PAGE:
65 BCCCA students sign pathway commitments

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A group of dual-enrollment students took a major step toward securing a productive future last week. 

On March 5, 65 students, along with their parents, voluntarily signed commitments to complete one of four career pathways offered at the Bartow County College and Career Academy at the first Skills to Career Commitment Night, designed to highlight dual-enrollment programs in the areas of air-conditioning technology, automotive technology, computer technology and welding technology.  

The Bartow County School System, in partnership with Chattahoochee Technical College, provide college courses at BCCCA, and the sophomores, juniors and seniors enrolled in one of the programs are given high school and college credit and receive technical certificates when they complete it. 

“With these four post-secondary programs, it is a commitment by our students to push their abilities beyond high school,” said Dr. Greg Doss, director of the career, technology and agricultural education program. “These are high-demand, skilled technical areas that have been identified by industry leaders. It is also a commitment on behalf of the school system and CTC to provide a rigorous program and support for students.”

BCCCA Principal Dr. Paul Sabin said the group of signers represents an even larger group who have chosen to pursue certificates and credentials in one of those four areas.

“By committing to complete these programs in high school, these students are starting on a path to build the skills needed to have great career opportunities in the future,” he said. “All of these programs are in partnership with Chattahoochee Technical College and the Bartow County School System and offer a great deal of support for these young folks. What a great opportunity for these students and the community.”

The students and parents who signed the letters of commitment agreed to put their best efforts forward to complete the programs, Sabin said.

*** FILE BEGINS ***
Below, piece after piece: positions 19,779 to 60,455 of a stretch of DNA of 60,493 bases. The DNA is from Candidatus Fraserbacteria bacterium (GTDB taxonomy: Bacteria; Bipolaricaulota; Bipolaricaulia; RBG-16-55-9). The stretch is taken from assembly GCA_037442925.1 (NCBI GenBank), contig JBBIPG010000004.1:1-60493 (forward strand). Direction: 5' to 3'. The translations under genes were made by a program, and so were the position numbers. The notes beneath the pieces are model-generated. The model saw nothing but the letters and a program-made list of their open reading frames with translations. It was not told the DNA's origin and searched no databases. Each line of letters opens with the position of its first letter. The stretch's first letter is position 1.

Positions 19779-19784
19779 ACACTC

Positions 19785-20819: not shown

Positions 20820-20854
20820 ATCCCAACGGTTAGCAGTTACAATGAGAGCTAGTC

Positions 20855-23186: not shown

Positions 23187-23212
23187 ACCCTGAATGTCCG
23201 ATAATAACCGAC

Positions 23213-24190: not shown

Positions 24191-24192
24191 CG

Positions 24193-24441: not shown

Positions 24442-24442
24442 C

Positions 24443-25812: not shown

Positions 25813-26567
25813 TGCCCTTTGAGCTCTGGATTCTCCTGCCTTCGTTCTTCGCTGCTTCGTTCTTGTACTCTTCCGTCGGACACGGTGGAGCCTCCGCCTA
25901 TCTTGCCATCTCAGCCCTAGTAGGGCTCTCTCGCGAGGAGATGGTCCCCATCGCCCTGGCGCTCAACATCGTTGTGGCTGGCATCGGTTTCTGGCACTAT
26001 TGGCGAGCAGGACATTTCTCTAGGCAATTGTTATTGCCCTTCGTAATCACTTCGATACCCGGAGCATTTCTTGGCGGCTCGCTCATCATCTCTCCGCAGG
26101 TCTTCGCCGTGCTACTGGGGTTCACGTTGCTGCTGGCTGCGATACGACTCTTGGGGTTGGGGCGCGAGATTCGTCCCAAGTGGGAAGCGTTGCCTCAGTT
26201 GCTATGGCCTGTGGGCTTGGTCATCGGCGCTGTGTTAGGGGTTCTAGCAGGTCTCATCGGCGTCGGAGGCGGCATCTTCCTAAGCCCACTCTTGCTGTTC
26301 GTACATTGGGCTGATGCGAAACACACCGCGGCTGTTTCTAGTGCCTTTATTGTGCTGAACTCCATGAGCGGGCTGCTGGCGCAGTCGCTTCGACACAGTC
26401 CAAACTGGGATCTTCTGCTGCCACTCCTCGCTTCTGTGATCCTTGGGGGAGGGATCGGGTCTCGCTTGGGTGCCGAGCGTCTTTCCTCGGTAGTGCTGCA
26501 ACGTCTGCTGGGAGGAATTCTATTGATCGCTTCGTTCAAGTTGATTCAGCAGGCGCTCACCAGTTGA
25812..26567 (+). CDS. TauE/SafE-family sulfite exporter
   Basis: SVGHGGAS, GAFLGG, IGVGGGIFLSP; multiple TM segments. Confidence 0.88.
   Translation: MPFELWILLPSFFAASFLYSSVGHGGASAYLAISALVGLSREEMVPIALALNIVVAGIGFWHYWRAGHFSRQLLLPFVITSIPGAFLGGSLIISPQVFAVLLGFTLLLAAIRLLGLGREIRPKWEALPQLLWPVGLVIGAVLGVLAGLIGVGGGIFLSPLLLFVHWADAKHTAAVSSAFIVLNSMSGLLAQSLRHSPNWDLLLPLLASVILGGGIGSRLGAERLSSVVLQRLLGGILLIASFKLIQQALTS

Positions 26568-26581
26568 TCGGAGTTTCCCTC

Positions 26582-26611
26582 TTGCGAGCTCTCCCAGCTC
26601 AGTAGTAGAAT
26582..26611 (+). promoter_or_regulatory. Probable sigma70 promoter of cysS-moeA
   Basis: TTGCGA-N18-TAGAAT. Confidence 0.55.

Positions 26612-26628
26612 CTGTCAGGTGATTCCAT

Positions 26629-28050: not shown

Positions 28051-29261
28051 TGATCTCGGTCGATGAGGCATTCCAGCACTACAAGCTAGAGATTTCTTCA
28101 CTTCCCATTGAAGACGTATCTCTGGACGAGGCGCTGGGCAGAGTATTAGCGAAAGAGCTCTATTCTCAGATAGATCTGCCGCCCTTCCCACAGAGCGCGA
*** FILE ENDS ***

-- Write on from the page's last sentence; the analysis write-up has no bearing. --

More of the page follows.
“Furthermore, these students are agreeing to have good attendance, participate in all of the training and represent the college and the school system in a professional manner,” he said. “This commitment is a symbolic gesture toward the students’ future education and training.” 

Sabin said Cartersville and Bartow County need the best skilled workforce if they’re going to thrive in the future.

“These young folks have made the first step toward gaining these skills,” he said. “In a few short years, these young men and women will be the economic engine and employee pipeline for our thriving community.”  

Of the four pathways, welding led the pack with the most commitments, 38, followed by air-conditioning technology with 14, automotive technology with eight and computer technology with five.

Cass High sophomore Alison Fatz and freshman Ahmeer Fowlkes both committed to the welding pathway.

“I chose welding because I found it very interesting, and I am looking forward to having skills that will help me in my future career as a welder or perhaps in the HVAC industry,” Alison, 15, said. “I want to work for a larger company that pays well.”

Ahmeer, also 15, said his mom encouraged him to commit to welding.  

“She felt there was lots of opportunity in welding to be creative and for jobs,” he said.

The Cartersville resident added his ultimate dream after high school is to play in the NFL, but his “backup plan” is to work as an automotive welder.

Doss said he thought the academy’s first signing ceremony was “very successful.”

“[Superintendent] Dr. [Phillip] Page delivered words of inspiration at our commitment ceremonies to ensure all students are either enrolled, enlisted or employed upon graduation,” he said. “Parents and their children not only signed the commitment, but they were also able to meet the instructors and tour the lab. Also, they were able to meet with their high school counselors and CTC representatives to complete their application process.”

“This was an exciting evening and the first step toward a great career for a lot of students,” Sabin added.

The two students also thought the signing ceremony went well. 

“It made me feel like I was getting signed for a college scholarship,” Ahmeer said. “I felt proud of myself for the accomplishments I was making as a freshman in high school.”

“I enjoyed meeting my instructor and future fellow students,” said Alison, also a Cartersville resident. “I look forward to learning many new skills.”